Making simple changes globally across the entire course was not possible, or at least not easy. This was one area I ran out of time evaluating, it may not be as difficult as I thought, but I didn’t get to fully explore the options. I will concede that once you have a standard template for your courses, you should be able to use Elicitus to just crank out courses. The basic editing environment isn’t hard to master. You just have to plan ahead.

There were two things that really gave me a negative impression of Elicitus – the preview and play back behavior and how Elicitus handles media elements.

Playback Behavior
Elicitus always wanted to preview the course in Internet Explorer. I am not a fan of IE and use Firefox as my default browser. Elicitus did not respect my browser choice. Any tool that costs as much as this one does should at least allow you to choose the browser. With IE I got the standard blocked content messages. I know I can adjust my security settings, but why should I have to? I did use Firefox, but had to cut and paste the URL.

When I did view the course, the background image was tiled across the browser window. I specified the output at 1024×768, but my browser window was full screen at 1600×1200 and the background image of the course was tiled. It should have been centered or flush left. (Elicitus Tiled Background )

When viewing a course, the main course screen shows the table of contents, I like that, but when you click a TOC item, it opens a new window. Why? It should just open the course in the same window. If you’re launching from an LMS that launches courses in a new window you will quickly have several windows open. I personally like my courses to stay in one window. The child course screen does communicate with the main course home page, so if you click a new TOC item, it opens in the currently open child window and doesn’t open an additional new window. However, the child window with the course content is not brought forward, and in my case was behind the main course page. I clicked several TOC items before I realized what was going on. Simple JavaScript can fix this and help students manage windows. Again, I would expect a tool in this price range to have this worked out.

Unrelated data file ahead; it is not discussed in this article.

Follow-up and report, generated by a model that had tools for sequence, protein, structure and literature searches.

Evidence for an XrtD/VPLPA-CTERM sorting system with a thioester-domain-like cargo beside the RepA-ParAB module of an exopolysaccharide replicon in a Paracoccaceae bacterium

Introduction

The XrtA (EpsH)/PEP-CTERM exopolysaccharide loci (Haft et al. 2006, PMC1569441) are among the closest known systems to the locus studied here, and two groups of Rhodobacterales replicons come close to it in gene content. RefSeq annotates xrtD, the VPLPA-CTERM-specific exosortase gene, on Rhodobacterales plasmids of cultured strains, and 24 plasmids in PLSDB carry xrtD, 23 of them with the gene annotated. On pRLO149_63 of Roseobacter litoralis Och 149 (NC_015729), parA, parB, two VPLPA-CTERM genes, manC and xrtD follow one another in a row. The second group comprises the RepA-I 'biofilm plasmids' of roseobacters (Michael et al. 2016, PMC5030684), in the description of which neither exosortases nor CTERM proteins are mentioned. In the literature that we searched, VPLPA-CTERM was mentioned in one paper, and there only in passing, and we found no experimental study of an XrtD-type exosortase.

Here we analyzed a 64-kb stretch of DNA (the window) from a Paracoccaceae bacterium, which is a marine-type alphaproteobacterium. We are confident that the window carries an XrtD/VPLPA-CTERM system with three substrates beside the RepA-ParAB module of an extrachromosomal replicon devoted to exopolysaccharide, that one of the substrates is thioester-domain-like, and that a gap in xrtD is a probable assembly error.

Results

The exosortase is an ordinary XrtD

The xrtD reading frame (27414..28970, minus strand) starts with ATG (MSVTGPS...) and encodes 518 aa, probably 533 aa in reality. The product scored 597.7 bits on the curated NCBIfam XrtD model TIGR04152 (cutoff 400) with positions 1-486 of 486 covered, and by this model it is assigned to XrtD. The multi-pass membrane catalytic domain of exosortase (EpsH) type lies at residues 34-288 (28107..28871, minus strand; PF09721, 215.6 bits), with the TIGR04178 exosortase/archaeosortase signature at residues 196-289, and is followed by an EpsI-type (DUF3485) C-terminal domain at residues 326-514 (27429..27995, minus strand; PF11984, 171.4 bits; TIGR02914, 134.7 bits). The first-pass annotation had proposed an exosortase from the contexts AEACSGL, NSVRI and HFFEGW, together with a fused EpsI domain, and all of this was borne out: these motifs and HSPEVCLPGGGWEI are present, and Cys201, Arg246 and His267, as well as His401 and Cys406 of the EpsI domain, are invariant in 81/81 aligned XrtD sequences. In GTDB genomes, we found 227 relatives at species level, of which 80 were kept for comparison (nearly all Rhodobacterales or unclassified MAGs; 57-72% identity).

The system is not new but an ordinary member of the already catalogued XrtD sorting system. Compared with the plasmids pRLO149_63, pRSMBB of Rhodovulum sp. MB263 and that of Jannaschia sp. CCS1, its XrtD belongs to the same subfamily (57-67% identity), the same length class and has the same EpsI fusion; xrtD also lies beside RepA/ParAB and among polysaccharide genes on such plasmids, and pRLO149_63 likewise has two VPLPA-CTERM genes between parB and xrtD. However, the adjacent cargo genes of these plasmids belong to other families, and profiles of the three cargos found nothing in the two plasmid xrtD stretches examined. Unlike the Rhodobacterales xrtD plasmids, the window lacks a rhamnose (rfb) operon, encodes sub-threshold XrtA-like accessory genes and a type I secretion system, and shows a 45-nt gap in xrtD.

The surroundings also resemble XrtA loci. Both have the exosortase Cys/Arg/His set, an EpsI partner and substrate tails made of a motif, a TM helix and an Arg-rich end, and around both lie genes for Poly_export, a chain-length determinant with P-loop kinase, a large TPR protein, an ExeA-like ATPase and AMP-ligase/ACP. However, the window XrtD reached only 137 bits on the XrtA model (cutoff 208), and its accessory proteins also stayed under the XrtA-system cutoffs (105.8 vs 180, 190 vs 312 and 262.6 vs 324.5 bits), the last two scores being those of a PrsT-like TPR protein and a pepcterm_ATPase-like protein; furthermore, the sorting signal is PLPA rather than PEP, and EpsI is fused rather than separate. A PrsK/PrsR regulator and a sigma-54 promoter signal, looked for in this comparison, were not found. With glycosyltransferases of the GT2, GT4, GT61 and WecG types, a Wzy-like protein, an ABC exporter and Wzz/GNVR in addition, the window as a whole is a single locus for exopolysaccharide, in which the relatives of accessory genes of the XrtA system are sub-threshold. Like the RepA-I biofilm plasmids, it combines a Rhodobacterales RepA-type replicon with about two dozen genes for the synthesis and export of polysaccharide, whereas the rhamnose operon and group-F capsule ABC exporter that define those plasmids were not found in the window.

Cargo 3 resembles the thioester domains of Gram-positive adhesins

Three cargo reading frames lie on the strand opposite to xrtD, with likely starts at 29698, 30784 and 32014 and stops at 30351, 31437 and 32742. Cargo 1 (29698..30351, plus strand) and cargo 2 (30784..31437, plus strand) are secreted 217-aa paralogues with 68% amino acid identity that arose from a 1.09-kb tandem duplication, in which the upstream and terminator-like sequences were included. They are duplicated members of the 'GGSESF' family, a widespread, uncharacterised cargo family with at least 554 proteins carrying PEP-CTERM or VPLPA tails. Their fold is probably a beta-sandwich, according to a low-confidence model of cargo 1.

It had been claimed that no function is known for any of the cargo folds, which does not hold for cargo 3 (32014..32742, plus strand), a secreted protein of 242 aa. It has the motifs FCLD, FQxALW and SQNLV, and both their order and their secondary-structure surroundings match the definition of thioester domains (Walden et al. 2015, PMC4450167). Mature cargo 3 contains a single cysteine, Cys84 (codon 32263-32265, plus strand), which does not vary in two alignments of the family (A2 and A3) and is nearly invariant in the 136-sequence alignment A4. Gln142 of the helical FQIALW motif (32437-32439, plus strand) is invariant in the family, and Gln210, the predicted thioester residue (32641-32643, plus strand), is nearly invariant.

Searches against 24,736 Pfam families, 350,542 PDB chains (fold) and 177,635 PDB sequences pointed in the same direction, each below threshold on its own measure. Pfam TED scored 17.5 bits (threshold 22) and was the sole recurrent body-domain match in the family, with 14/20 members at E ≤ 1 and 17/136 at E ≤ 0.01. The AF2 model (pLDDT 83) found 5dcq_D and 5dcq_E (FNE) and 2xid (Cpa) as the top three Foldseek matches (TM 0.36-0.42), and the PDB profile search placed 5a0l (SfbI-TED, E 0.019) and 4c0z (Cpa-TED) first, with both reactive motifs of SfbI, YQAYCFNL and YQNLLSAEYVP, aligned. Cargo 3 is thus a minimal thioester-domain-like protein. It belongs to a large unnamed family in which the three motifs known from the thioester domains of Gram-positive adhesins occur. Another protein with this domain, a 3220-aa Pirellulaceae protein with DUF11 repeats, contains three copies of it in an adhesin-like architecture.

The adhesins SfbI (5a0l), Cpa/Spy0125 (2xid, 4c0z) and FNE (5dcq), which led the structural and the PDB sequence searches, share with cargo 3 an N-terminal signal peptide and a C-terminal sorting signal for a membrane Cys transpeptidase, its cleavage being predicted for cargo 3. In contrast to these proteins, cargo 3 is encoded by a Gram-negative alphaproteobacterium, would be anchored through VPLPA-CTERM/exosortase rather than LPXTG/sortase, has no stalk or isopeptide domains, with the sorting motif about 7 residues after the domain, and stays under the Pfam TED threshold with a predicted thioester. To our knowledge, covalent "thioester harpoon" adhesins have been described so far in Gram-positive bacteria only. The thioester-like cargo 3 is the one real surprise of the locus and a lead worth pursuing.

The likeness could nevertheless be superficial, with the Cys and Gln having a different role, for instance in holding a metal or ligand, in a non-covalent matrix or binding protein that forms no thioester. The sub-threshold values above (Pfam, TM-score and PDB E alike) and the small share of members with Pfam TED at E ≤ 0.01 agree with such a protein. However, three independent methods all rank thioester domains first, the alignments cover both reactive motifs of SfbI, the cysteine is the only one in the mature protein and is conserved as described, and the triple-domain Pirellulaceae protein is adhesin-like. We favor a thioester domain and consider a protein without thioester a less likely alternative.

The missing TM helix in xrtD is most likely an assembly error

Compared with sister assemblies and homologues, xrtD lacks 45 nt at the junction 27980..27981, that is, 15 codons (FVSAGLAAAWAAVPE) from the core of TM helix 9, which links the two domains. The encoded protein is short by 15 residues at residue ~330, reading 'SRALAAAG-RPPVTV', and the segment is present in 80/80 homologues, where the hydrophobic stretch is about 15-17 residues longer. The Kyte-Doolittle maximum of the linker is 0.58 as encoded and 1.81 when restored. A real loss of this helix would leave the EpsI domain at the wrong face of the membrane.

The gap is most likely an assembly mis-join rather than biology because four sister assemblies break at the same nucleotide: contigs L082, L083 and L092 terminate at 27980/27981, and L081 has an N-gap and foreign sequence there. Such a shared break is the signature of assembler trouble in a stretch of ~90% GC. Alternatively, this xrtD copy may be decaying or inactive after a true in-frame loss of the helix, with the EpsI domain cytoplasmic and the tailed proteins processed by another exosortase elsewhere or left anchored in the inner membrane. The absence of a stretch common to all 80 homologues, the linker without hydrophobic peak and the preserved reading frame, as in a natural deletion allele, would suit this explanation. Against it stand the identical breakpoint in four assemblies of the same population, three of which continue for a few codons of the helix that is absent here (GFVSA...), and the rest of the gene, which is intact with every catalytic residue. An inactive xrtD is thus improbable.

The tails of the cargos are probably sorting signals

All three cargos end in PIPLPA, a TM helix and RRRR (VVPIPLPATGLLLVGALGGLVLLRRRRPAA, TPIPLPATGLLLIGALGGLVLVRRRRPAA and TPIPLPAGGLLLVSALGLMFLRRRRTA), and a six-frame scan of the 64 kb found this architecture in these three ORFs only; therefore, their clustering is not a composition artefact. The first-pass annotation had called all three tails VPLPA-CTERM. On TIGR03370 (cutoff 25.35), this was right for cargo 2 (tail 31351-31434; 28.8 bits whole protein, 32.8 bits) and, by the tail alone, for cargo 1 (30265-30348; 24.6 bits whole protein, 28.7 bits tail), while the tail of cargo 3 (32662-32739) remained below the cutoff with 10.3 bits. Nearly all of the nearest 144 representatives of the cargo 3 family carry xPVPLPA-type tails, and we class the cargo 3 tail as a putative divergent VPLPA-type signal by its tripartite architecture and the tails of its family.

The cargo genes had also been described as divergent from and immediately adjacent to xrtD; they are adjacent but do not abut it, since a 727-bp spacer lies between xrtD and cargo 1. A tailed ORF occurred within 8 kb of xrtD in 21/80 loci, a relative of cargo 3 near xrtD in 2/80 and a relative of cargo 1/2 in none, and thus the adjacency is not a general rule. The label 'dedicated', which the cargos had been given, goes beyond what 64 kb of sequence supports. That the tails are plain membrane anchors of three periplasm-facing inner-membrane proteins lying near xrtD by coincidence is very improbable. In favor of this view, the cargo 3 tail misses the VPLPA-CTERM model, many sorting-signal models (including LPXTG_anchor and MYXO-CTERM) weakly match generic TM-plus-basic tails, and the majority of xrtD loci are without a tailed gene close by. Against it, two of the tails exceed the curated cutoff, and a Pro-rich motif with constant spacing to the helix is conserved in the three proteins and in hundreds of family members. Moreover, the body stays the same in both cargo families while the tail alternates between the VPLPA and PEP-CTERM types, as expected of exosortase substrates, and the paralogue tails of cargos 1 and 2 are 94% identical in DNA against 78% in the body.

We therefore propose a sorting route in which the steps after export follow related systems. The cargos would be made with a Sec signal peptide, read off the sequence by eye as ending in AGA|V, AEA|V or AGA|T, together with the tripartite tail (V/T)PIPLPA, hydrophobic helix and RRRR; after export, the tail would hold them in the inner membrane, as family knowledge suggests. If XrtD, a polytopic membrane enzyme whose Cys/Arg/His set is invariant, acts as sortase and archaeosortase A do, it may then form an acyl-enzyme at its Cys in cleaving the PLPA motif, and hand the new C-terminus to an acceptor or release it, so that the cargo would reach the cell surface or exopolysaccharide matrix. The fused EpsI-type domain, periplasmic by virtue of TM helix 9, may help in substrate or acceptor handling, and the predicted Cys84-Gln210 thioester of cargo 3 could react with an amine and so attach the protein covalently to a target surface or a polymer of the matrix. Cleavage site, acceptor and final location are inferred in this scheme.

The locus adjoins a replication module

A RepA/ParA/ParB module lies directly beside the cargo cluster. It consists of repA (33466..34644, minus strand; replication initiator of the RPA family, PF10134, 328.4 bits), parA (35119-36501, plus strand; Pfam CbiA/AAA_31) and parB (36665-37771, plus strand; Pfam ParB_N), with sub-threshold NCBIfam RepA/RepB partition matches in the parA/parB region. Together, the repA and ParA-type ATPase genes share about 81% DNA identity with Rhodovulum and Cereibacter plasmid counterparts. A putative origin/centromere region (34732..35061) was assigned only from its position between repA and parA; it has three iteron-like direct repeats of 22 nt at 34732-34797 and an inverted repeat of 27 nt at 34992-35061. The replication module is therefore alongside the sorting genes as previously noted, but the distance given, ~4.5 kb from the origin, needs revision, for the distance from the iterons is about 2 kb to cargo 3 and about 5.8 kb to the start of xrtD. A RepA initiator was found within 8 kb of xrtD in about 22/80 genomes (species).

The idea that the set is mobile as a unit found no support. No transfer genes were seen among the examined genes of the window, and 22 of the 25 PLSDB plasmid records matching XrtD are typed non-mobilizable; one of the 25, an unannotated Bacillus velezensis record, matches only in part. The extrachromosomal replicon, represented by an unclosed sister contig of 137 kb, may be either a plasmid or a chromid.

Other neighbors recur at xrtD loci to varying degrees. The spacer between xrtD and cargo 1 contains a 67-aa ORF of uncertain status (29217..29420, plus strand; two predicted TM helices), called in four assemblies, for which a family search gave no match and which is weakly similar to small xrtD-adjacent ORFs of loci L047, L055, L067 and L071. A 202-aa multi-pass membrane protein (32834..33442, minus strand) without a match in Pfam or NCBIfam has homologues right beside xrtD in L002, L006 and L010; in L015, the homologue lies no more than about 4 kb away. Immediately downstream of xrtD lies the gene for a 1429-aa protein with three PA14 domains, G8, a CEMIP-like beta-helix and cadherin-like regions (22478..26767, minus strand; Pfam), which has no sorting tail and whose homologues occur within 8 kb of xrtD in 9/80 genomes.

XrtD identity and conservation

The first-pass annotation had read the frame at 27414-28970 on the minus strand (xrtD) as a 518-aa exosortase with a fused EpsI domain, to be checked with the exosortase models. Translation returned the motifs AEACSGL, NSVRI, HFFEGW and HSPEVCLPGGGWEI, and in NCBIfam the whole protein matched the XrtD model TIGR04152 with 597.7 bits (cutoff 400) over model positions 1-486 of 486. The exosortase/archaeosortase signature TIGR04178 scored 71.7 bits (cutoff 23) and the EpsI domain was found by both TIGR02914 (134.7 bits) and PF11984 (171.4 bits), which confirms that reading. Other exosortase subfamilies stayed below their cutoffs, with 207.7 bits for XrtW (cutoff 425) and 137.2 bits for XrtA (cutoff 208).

Media
Elicitus includes an option to add audio to any screen, however it is poorly implemented. First, when you add audio it does not show up in the Course Explorer like other assets. Additionally, you get no playback options. There is no volume or mute control. Furthermore, there is no indication on the output screen that there is audio. I assumed that a tool at this price level would have robust audio controls, or at least a mute button. If I were to use Elicitus I would have to build an audio controller in Flash, embed the audio in the Flash file (for every screen), then embed the controller. That’s a lot of work.

More importantly, it uses the <embed> tag, so when I played the course in Firefox I heard nothing. I only figured out what was going on by viewing the page source. The Embed tag assumes the learner’s computer has an associated player for the file type you embed, and granted most do, but for me Firefox didn’t know what to do with MP3 file. I checked my options and MP3 files were in fact associated with QuickTime. (I’ve listened to numerous MP3 file directly in Firefox via QuickTime.) Even IE had a mime-type issue and didn’t know what to do, although it did ask if I wanted to associate the mime type with QuickTime. I want a tool that doesn’t make learners jump through hoops in order to take a course. Learner experience makes all the difference, and problems with audio playback do not make for a good experience.

Just for kicks, I ran the page with the embedded audio through the W3C’s HTML validation tool. It failed miserably. It had 31 errors, starting with no doctype declaration. The really funny thing about this is that the Elicitus web site claims “Standards-compliant publishing“. I guess that doesn’t mean W3C standards. By the way, <embed> is a non-standard tag and is not part of the W3C specifications for HTML 4.01 or XHTML. That means you cannot be sure a learner’s browser will support the tag. <embed> is being phased out and shouldn’t be used.

At this point I gave up. I realized that in order to really produce a course you have to plan carefully (which you should do anyway), assemble all the elements outside Elicitus (I had problems resizing images and using Flash), and import everything. And, if a tool that at its core is a glorified HTML editor can’t even produce valid HTML, it’s not worth my time or money. I’m sure other tools produce invalid HTML, I’ve seen it. It’s something that can easily be fixed, and I would be surprised if Elicitus doesn’t correct it in the next release, but why should I pay nearly $1400 for a program that produces sloppy code and uses deprecated HTML tags? A tool in this price range should have better support for audio and should produce valid HTML usable in all modern browsers.

(On a side note, most course authoring tools really are just glorified HTML editors – they all produce web pages with the required SCORM JavaScript – it’s the user experience that sets them apart. I’m starting to think it would be easier and cheaper to hire a good HTML and JavaScript programmer to build some Dreamweaver templates and give course developers Contribute. It really might be a better way to go. I really want to find a good tool and give a really positive review.)